Below are two articles published September 28, 1883 by

The Allegany County Reporter

from research & files of the Late  Emma Lou King, former Town of Alma Historian.....


From Allegany County Reporter -- Wellsville,NY -- Sept 28, 1883

"O. P. Taylor"

"Barkis is Willing"

"Places His Neck Gently in the Democratic Noose and Asks to be led to Victory or Death"
"The following correspondence explains itself. In last Thursday's issue of the Daily appeared a letter of acceptance, which we judge from Mr. Taylor's appended letter to us he considers to have been a forgery. He is pleased to "suspect" that that letter of acceptance was "handed in from the desk of the Editor of the Reporter." We dislike men of a suspicious nature. If Mr. Taylor will charge outright that we wrote that other letter of acceptance, we won't deny it.
The following is the correspondence:
In a recent issue of your paper you took the liberty to publish what purports to be my letter of acceptance of the nomination for Assembly, which was read by me before I had any official notification that such nomination had been made. I suspect it was "handed in" from the desk of the Editor of The Reporter. I therefore insert now the enclosed letter of acceptance, which I am willing to father. Yours resp, O. P. Taylor"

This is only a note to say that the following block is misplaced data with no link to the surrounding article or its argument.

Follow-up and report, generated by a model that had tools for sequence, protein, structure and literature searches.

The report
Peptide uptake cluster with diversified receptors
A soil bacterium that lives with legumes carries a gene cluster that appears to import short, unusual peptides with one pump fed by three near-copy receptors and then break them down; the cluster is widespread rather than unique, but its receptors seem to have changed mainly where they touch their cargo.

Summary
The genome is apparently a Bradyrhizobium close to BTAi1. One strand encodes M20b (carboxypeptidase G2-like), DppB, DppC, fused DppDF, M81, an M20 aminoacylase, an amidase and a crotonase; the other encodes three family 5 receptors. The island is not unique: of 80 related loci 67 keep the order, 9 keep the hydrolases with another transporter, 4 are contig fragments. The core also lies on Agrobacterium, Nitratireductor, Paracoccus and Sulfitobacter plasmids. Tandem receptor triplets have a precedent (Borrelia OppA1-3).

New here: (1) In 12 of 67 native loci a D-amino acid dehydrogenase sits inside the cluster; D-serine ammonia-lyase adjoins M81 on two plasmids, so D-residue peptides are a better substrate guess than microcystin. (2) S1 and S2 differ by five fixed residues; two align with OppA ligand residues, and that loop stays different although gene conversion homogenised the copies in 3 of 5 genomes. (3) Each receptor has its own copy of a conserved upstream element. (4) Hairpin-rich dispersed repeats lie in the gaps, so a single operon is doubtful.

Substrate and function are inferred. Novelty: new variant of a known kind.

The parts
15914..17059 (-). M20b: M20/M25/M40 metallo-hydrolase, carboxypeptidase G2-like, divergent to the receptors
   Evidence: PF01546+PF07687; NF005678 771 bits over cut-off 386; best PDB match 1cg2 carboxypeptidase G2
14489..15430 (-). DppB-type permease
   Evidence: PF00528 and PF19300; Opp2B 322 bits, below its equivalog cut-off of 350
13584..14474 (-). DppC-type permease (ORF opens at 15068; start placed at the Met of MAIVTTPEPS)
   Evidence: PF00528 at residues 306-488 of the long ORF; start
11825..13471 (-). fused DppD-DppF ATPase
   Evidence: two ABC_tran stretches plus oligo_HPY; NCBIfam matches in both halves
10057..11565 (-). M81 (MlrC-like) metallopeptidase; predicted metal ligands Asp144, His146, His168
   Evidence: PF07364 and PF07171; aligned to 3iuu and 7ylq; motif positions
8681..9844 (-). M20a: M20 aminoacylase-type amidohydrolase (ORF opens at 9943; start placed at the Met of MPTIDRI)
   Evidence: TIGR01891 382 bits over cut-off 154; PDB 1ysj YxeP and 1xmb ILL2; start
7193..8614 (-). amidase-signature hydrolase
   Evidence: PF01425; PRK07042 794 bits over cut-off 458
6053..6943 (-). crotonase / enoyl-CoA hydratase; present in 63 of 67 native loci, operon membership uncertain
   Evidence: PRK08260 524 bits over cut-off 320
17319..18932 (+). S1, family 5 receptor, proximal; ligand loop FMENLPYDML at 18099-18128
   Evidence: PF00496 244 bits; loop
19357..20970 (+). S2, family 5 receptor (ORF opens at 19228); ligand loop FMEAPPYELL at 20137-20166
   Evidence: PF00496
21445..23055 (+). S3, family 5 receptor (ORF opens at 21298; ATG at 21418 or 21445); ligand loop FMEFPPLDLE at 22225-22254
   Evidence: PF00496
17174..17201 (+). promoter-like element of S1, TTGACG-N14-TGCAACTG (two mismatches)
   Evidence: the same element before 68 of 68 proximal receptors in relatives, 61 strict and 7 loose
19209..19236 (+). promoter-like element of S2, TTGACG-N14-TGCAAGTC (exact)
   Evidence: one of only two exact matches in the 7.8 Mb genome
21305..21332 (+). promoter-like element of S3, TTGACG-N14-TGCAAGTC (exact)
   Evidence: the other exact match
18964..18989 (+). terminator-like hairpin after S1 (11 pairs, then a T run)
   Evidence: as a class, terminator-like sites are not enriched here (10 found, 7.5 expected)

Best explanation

O.P.Taylor Nominated for the Assembly

The wires at 3:15 p.m. today (Wednesday) bring the glorious news that the new Democratic Assembly baby is at last born! The strain has been great, the labor long and severe, but it is a nice baby.

It is not definitely known, but it is earnestly believed that Mr. Taylor will accept. He is made of the kind of metal that knows no fear, willingly accepts odds, and he will doubless make Mr. Manchester blush in the exhibition of stalwart courage in "standing in" with the boys.

Mr. Taylor was gritty enough to be a boss rebel all through the Rebellion, and sensible enough to accept the result and be as good a Union man since as any man on the job. He has risked more, lost more, won more and done more in the Allegany Oil Field than any other ten men put together.

It is not to be expected that he will come anywhere near an election, but, he will certainly poll a large vote. He is sure of the non-resident vote in the oil districts, and will doubtless get away with a handsome score in his home town.

Let us be thankful that the suffering party did not die in the throes of the demoralizing incubation, and thankful as well that it has hatched a lively chicken. Nichols was our first choice, but General Taylor will do very well. Like "Old Zach," he will fight hard, and like him, will probably never know when he is "licked."